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Chelsea have been told by FIFA that they will indeed serve a two window transfer ban which was imposed on them earlier in the season for breaching signing of youngsters and that means the club will not be able to sign any new players until the summer of 2020.

Chelsea will appeal to the courts of attribution but could be likely to lose. Whilst Chelsea should be punished, one cannot get away from the fact that UEFA are not promoting the game in the right direction. Unless one truly hates the club does anyone associated with football want to tie two hands behind a clubs back? Chelsea could win the Europa League enter the Champions League and not be able to buy any new players. Basically killing their chances of winning the competition before they have even started.

On top of that Chelsea have the problem of Eden Hazard their star player who looks like he will be leaving the club in the summer to join Real Madrid. This was further highlighted when the star player was seen nodding his head in a no fashion when fans asked him to stay at the club last week.

Surely the situation is a harsh one for the club who, yes, should receive a ban this summer but not extended to two windows. Ideally why not fine the club £500,000 and give back to hospitals or put back into the grassroots of the game. After all the ban won’t hurt as much as not being out of a little pocket for the club.

Of course the good news if the club are to be banned for purchasing players is that Maurizio Sarri’s job will be safe. It was oddly under threat a few months ago, even though he has steered Chelsea to a Europa League final, a Carabao Cup final and a top 4 place ensuring Champions League football either way next season, that’s not too bad for your debut season surely?

Still who will want to join the club now knowing you can’t buy any players for over a year? That would be like playing Monopoly and going round the board several times until your rivals all have the properties they want. In that sense Sarri suddenly holds all of the cards and with a strong link to Roma, Sarri may just think enough is enough and walk in the summer if he is not being respected at the club.

For now Chelsea are doing well, but the future hardly looks bright.

 

UEFA have got it wrong fining Montenegro just €20,000 after racist chants against Raheem Sterling

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After England international Raheem Sterling was subjected to vile racist abuse in England’s Euro 2020 qualifier against Montenegro the Manchester City playmaker said “It sounds harsh, but which fan will risk racist behaviour if it might relegate their team or ruin their title bid? Small fines do no damage to clubs and countries, but one group of people who do have the money to make them take notice are sponsors. The next time that a club or governing body fails to act appropriately against racism, I would love to see that company pull its money out and make a moral stand. I don’t know how long it will take for things to change but we have to start now. I don’t want the next generation of black players to have to put up with this evil.”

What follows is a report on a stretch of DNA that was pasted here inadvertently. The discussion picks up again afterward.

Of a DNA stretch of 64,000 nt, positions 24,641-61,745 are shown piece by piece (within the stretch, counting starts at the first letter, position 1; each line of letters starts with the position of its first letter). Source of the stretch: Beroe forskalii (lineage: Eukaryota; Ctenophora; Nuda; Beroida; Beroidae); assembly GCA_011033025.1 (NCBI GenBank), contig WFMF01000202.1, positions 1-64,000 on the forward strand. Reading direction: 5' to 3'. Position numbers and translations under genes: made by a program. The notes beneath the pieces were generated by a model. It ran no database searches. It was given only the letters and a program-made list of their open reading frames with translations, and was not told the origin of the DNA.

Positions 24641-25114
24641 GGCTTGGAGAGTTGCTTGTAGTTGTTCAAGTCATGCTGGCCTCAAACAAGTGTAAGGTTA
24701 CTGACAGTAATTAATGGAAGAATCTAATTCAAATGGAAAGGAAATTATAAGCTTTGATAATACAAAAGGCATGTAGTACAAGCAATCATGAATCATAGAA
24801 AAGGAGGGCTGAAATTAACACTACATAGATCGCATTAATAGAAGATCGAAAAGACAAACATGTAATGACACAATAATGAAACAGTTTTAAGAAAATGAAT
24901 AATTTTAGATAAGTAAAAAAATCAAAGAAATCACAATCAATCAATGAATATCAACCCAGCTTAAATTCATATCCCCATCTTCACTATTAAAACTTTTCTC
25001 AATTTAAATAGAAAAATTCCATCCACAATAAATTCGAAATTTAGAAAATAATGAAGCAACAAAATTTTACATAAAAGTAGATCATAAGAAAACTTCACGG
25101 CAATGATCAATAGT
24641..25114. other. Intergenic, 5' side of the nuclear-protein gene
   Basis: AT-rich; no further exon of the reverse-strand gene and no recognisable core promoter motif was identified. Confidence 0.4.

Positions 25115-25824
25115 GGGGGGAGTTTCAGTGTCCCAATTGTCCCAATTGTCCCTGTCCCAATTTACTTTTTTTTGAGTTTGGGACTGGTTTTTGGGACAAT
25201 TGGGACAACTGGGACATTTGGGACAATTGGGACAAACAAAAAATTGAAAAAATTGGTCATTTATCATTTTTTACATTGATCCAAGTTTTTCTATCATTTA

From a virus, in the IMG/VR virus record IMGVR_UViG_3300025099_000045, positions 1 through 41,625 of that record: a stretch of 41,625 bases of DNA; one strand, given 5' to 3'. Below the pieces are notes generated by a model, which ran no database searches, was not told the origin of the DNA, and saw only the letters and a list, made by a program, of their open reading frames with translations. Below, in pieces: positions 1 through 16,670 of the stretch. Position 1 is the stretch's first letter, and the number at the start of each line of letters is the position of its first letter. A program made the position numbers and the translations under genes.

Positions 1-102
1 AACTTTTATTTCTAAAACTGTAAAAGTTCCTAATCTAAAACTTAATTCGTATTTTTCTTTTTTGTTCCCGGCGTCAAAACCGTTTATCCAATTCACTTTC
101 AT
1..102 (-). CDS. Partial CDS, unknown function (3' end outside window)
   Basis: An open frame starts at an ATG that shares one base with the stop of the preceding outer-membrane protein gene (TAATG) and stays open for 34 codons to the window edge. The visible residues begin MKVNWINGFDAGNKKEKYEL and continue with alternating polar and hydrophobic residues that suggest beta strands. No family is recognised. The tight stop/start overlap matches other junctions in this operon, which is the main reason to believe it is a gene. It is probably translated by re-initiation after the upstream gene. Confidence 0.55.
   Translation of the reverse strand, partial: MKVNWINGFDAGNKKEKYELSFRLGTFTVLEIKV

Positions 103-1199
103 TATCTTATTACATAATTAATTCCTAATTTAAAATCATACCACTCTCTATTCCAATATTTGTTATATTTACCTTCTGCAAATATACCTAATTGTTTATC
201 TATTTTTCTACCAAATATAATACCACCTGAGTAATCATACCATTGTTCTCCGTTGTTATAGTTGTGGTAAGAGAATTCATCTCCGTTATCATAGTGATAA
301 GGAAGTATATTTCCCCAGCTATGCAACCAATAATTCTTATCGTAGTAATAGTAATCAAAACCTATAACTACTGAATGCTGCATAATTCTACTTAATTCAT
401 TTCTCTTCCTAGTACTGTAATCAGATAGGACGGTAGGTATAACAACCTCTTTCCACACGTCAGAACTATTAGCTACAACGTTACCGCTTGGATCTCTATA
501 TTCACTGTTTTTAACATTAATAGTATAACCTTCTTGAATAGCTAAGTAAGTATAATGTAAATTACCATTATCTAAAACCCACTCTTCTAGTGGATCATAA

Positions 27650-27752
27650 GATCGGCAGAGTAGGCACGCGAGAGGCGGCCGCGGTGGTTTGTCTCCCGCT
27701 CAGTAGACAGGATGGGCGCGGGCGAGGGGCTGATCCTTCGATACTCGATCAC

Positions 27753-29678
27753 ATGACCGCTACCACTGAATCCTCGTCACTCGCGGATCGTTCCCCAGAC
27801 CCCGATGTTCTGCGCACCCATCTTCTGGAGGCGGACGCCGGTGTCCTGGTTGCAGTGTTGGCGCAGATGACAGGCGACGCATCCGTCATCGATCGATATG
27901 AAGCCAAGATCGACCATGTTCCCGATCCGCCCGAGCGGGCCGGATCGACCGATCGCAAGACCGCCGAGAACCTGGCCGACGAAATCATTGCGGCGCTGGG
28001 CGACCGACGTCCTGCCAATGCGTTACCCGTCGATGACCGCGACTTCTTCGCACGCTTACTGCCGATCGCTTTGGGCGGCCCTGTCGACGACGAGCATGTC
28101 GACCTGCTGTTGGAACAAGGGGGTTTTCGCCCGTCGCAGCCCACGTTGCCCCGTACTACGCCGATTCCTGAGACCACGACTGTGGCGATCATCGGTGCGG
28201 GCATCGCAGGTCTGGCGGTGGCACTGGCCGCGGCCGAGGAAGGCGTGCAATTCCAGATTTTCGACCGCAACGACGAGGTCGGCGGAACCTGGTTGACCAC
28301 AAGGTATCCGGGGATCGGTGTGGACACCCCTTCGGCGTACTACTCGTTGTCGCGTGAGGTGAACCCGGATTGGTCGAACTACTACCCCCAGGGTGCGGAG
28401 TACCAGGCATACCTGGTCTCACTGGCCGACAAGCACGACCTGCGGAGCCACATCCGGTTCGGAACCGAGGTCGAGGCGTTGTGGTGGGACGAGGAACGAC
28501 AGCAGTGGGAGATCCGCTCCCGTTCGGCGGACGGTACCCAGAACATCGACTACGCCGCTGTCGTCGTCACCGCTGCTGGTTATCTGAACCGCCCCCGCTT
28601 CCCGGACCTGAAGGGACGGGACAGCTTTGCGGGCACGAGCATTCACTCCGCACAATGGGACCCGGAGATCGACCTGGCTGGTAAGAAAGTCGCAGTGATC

So it seems a slap in the face that UEFA have announced that Montenegro will face a fine of just 20,000 euros, a figure that is totally affordable to the nation. But wait there’s more they will also play their next match against Kosovo on June 7th behind closed doors. And that is that. Case closed.

UEFA have ended up handing out a very standard fine, something we have seen for the past 15-20 years in European football. If racist chants against black players were happening years ago and these type of fines were applied, why is it that nothing has changed in 2019?

UEFA’s decision to hand such a small fine and a one match behind closed doors is simply mindboggling, it makes absolutely no sense. It also takes Sterling’s words and throws it in the nearest bin- it feels as though himself and other countless black players have been silenced. The small fine will not stop racist chanting happening again. And Sterling was right to pick out sponsors that is UEFA’s life blood. Could you imagine McDonald’s pulling out of football- now that would make UEFA think.